Rio Tinto will work with Schneider Electric to develop digital platforms, technologies and solutions to be deployed across its metals and mining supply chain to drive further decarbonisation.
The two companies signed a memorandum of understanding (MoU) to develop a circular and sustainable market for their customers in what is believed to be a first-of-its-kind collaboration.
The multi-product partnership will see Schneider Electric use responsibly sourced materials produced by Rio Tinto. These include low-carbon aluminium and copper produced with renewable power, iron ore and borates.
In turn, Rio Tinto will use energy and industrial services from Schneider Electric.
Rio Tinto chief commercial officer Alf Barrios said the partnership would help accelerate decarbonisation and renewable energy solutions by combining low-carbon materials with cutting-edge digital technology.
“Working together will allow Rio Tinto and Schneider Electric to pursue opportunities beyond what is possible for either company on its own,” he said.
“This collaboration also opens doors to consider strategic initiatives such as expanding the use of artificial intelligence and predictive analytics to reduce downtime in our plants, digitisation of our supply chains, and a host of other transformative technologies.”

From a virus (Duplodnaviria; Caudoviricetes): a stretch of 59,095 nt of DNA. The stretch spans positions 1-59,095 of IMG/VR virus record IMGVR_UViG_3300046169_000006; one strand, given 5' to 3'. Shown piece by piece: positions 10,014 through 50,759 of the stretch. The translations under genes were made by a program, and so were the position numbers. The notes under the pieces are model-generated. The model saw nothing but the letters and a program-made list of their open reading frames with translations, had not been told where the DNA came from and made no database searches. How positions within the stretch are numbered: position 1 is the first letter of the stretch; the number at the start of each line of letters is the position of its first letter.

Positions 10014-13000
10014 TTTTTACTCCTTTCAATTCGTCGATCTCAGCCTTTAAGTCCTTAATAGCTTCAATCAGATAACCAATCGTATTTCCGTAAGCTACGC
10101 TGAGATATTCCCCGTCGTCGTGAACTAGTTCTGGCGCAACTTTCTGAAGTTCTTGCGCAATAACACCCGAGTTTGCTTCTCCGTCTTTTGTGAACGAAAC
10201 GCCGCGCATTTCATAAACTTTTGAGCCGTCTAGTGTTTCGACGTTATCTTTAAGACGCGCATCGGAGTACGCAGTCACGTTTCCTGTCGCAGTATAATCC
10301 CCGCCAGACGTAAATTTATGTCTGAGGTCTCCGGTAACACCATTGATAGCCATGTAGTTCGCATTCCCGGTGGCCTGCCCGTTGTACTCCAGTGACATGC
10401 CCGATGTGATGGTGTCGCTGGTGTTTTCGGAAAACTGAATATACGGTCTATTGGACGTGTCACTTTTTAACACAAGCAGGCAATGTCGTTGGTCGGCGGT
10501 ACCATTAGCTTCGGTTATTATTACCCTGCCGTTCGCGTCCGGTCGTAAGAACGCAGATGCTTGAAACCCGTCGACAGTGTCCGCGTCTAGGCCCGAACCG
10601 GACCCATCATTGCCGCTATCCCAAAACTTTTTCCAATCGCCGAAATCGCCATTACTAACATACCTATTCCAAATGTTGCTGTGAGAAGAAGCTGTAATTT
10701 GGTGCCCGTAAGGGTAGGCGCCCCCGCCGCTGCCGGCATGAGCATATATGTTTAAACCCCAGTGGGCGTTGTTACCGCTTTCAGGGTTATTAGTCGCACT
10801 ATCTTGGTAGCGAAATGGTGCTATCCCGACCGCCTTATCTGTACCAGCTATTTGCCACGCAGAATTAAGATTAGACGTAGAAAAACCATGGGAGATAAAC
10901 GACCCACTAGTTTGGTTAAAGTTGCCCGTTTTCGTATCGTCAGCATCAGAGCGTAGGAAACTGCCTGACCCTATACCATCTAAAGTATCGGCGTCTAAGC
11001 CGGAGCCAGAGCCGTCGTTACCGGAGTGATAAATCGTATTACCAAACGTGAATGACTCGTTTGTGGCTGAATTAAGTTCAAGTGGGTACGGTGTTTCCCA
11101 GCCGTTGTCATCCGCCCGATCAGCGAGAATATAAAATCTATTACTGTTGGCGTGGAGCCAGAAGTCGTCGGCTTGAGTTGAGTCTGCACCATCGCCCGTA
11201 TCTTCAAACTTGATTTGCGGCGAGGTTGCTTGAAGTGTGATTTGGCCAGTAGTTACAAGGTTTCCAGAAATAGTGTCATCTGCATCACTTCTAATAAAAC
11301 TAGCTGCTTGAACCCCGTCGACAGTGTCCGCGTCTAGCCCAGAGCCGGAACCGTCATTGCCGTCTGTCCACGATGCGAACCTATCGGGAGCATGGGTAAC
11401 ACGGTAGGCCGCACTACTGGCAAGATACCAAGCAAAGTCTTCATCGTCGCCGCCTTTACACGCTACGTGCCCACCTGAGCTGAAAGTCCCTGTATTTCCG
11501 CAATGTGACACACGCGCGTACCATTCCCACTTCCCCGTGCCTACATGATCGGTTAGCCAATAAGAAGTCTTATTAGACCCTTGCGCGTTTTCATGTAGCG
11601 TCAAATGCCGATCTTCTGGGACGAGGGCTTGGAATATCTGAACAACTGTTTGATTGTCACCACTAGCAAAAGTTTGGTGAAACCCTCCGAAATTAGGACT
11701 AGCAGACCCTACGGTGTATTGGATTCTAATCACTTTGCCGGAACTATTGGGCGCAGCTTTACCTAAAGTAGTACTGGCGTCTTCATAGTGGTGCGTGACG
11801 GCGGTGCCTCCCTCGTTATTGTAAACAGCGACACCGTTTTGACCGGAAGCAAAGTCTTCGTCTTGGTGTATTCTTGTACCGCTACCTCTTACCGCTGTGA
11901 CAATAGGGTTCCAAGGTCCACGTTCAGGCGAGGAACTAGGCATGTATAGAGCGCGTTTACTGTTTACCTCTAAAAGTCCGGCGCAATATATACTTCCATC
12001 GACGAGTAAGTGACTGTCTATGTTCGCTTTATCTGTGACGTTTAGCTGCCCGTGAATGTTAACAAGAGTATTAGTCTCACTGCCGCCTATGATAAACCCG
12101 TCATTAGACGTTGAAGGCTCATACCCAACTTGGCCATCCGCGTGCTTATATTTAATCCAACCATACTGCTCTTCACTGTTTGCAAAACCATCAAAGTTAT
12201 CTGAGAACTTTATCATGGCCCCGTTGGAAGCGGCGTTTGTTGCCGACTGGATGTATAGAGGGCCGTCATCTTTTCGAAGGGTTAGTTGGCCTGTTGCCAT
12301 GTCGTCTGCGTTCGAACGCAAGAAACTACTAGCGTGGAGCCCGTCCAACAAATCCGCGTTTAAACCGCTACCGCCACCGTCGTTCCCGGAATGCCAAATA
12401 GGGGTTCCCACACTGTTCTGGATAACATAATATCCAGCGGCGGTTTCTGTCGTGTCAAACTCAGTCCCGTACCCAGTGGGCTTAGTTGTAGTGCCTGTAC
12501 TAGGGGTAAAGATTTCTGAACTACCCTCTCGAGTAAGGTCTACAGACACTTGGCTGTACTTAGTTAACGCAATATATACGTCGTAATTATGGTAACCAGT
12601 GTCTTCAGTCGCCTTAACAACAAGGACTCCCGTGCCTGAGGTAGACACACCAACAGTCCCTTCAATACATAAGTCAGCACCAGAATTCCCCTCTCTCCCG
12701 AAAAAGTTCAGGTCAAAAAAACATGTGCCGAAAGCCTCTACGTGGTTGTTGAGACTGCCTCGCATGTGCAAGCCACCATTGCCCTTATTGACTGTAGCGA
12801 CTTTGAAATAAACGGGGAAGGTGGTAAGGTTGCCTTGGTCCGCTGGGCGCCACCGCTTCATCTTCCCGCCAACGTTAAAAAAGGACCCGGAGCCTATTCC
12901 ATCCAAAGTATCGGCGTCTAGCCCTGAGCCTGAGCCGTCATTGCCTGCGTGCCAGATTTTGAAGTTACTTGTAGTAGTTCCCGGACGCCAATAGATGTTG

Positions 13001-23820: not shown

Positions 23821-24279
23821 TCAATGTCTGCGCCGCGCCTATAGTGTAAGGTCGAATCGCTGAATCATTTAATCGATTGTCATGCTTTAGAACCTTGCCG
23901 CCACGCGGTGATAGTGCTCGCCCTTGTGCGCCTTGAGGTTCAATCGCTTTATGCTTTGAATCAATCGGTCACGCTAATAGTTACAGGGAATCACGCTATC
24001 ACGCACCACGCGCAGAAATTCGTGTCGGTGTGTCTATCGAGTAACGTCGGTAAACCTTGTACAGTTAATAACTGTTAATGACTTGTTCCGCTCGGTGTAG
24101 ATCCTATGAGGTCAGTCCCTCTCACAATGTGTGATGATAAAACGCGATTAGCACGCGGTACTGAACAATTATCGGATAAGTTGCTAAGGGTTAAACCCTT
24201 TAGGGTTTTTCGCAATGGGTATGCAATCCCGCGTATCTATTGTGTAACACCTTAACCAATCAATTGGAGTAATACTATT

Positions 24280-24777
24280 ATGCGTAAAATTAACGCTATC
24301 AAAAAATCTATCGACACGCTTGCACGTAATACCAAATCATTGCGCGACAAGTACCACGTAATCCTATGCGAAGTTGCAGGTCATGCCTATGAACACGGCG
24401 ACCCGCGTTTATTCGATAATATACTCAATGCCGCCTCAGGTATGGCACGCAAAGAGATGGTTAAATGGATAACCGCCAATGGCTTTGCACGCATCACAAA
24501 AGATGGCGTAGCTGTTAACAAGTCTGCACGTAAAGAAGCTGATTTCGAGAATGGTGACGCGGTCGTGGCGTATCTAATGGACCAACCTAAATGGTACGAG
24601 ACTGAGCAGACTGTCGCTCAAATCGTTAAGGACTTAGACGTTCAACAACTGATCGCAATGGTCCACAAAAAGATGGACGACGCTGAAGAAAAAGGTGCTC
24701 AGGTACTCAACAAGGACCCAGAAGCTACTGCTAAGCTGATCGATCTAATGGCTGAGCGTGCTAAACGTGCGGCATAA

Schneider Electric industrial automation vice president Barbara Frei said the company would work with Rio Tinto to develop clean and pioneering solutions to meet industrial decarbonisation challenges.
“As the world’s most sustainable corporation and a manufacturer with a global network of smart factories and smart distribution centres, Schneider Electric is on a mission to make industries of the future eco-efficient, agile, and resilient through open, software-centric industrial automation and sustainable energy solutions,” she said.
“This new partnership demonstrates that Rio Tinto is as passionate as we are about bridging progress and sustainability for all.”
The companies will also partner to evaluate emerging innovation opportunities, such as the efficient production of critical materials for renewable technologies and advances in low-carbon, green steel manufacturing, both of which are expected to play a significant long-term role in industrial decarbonisation.